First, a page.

Amicus Briefs April 12, 2024

Opposition to Co-defendants Michael Roman, Donald Trump and Others’ Motion to Dismiss and Disqualify DA Fani Willis from the Fulton County, GA Election Interference Case


Issue Areas

On February 5, 2024, the States United Democracy Center filed an amicus brief alongside Amy Lee Copeland, a former federal prosecutor for the Southern District of GA in the Superior Court of Fulton County. The brief, which was filed on behalf of a group of prominent legal and ethics experts, opposed the dismissal of the grand jury indictment and the disqualification of Fulton County District Attorney Fani Willis from the case.

On January 8, 2024, defendant Michael Roman, a former Trump campaign official, filed a motion to dismiss the charges against him. Roman argued that the charges were unconstitutional. In the filing, Roman alleged that DA Willis improperly hired and had an inappropriate personal relationship with prosecutor Nathan Wade—a prominent figure in the prosecution of the election interference case. After the motion was filed, co-defendants including former President Trump joined it.

The amicus brief argues that the case against DA Willis does not meet key principles of the law of disqualification in Georgia. It outlines a few key points, including:

  • Disqualification imposes significant costs, leading courts to view motions for disqualification skeptically. Disqualifying DA Willis from this case is costly – the delay to get lawyers up to speed and the loss of counsel knowledge could undermine the strength of the case against these anti-democratic defendants and give an advantage to the defense.
  • In all but the most egregious cases, prosecutors are trusted to fulfill their duties despite competing personal interests. The mere presence of a conflicting personal interest does not require disqualification. Prosecutors are entrusted by the public to make prosecutorial decisions in the public’s interest and not allow personal intimate relationships to interfere. For example, Georgia courts have previously refused to disqualify attorneys just because they were married to someone else working on the case. DA Willis’s personal relationship is not indicative of her acting for her own personal interest regarding the election interference case and does not warrant disqualification.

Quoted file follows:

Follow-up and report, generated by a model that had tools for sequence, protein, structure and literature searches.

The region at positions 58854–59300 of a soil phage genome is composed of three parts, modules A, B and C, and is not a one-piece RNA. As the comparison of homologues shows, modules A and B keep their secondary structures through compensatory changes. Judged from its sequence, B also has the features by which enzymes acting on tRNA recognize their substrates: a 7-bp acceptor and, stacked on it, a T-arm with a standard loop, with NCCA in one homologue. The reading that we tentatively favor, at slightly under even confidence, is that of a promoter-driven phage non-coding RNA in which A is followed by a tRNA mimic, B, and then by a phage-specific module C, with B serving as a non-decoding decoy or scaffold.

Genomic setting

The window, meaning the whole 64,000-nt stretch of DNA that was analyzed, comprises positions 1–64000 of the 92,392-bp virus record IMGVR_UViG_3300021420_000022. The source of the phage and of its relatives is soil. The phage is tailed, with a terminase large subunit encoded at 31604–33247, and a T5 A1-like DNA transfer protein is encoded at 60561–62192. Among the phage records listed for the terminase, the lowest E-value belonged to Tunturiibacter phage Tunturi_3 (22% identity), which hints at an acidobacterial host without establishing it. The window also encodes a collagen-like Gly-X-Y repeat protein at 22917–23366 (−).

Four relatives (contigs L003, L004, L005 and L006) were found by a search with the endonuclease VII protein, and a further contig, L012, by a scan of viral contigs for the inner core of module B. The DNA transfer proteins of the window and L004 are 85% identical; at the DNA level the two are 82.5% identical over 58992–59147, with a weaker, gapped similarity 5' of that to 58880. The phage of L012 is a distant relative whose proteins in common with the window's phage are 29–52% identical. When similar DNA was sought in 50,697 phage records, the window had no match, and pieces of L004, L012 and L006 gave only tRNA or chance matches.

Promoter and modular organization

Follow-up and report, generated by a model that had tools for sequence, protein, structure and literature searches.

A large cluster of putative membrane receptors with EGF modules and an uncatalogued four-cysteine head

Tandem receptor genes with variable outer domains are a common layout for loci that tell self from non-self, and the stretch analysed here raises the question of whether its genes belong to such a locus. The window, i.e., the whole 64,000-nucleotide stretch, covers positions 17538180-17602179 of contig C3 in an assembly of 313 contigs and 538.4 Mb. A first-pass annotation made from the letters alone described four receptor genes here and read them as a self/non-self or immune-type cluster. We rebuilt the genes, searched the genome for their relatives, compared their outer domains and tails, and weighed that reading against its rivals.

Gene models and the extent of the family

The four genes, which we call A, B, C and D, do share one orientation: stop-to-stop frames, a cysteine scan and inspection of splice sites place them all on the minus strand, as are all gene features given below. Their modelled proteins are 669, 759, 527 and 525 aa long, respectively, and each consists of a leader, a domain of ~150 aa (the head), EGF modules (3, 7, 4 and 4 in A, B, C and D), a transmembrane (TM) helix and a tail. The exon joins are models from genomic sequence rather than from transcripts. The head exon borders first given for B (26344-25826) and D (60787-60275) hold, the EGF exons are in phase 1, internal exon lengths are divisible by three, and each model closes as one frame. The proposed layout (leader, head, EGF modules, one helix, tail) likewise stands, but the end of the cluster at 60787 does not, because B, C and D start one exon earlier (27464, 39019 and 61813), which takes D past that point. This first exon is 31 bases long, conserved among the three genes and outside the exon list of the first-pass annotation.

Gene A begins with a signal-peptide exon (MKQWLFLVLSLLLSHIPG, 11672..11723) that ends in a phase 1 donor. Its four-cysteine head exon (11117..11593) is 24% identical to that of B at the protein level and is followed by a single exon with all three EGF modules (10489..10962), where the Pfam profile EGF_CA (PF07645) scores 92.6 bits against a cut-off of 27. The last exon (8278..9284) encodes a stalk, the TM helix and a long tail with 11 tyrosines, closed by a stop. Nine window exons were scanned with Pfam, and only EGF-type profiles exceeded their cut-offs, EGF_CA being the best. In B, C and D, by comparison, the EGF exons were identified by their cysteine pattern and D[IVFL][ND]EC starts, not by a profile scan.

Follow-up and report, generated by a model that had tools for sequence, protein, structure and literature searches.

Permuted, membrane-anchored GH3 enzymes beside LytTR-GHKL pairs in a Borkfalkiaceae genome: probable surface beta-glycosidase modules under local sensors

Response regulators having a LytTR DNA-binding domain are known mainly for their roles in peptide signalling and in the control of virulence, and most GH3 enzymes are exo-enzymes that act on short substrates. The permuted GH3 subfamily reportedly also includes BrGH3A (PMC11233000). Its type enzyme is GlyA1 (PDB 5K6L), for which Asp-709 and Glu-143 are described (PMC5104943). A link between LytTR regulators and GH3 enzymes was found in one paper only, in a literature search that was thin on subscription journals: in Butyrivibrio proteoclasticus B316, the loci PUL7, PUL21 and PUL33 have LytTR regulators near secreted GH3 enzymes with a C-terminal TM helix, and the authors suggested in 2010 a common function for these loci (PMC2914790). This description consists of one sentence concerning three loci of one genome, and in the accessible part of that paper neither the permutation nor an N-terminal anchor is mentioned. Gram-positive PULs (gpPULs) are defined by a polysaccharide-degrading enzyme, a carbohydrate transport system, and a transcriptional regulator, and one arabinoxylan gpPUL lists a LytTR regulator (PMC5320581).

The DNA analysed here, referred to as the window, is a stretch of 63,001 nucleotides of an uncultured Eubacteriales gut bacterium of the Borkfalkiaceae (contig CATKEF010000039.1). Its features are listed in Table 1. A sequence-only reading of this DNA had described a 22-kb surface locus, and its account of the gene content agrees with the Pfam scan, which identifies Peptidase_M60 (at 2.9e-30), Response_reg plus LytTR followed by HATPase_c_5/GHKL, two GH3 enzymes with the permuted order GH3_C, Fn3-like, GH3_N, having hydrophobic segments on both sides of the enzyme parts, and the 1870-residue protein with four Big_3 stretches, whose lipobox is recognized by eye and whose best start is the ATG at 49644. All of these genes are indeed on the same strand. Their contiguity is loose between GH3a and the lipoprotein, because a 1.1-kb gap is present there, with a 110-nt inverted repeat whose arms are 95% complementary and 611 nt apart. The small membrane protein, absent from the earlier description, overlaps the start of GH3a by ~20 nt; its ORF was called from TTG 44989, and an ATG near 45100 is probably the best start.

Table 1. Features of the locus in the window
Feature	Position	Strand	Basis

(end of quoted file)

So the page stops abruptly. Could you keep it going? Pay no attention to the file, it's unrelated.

• Disqualifying a district attorney in Georgia involves unique constitutional considerations that weigh against disqualification. DA Willis is an elected official. The people of Fulton County voted for DA Willis to represent their interests in all Fulton County Superior Court criminal cases. Disqualifying DA Willis based on the current arguments against her is not aligned with the Georgia Constitution.
  • The purpose of disqualification is to protect defendants’ due process rights. Other tools are available for misconduct that does not implicate fairness toward a defendant. Disqualification is meant to protect a defendant’s due process rights by limiting actions against the defendant based on “irrelevant or impermissible factors.” Prosecutor Wade’s alleged lack of experience and inappropriate hiring by defendant Roman does not reflect an infringement of the defendants’ due process rights.

On February 15, 2024, the court held an evidentiary hearing on the defendants’ motions to dismiss the indictment or disqualify DA Willis. The signers of the amicus argued that this hearing was unwarranted because disqualification remains unjustified, regardless of whether the facts alleged by the defendants are true or not.

On March 6, 2024, the original signers of the February amicus brief filed a supplement, to provide the court with a recommended standard when addressing the disqualification question. The brief argues that a mere “appearance of impropriety” does not warrant disqualification under Georgia law.

Latest Update

On March 15, 2024, Judge McAfee ruled that the defendants failed to show that DA Willis had a conflict of interest. His order also called for Special Assistant District Attorney Nathan Wade to leave the prosecution team, in order for DA Willis to continue with the case. Wade did so later that day. In his order, McAfee wrote, “Without sufficient evidence that the District Attorney acquired a personal stake in the prosecution, or that her financial arrangements had any impact on the case, the Defendants’ claims of an actual conflict must be denied.”

Trump and his co-defendants are attempting to appeal this decision. On March 20, 2024, Judge McAfee granted their motion for a certificate of immediate review, clearing the way for them to ask the Georgia Court of Appeals to hear their appeal.

On April 12, 2024, the same group of legal and ethics experts filed an additional amicus brief in the Court of Appeals, arguing that the court should not take the unusual step of accepting the appeal before the criminal trial occurs. In the brief, the signers highlight that an appeal now risks harming the public interest by unjustifiably delaying the case.

The Georgia Court of Appeals must decide whether it will grant the defendant’s application for immediate review by May 13.

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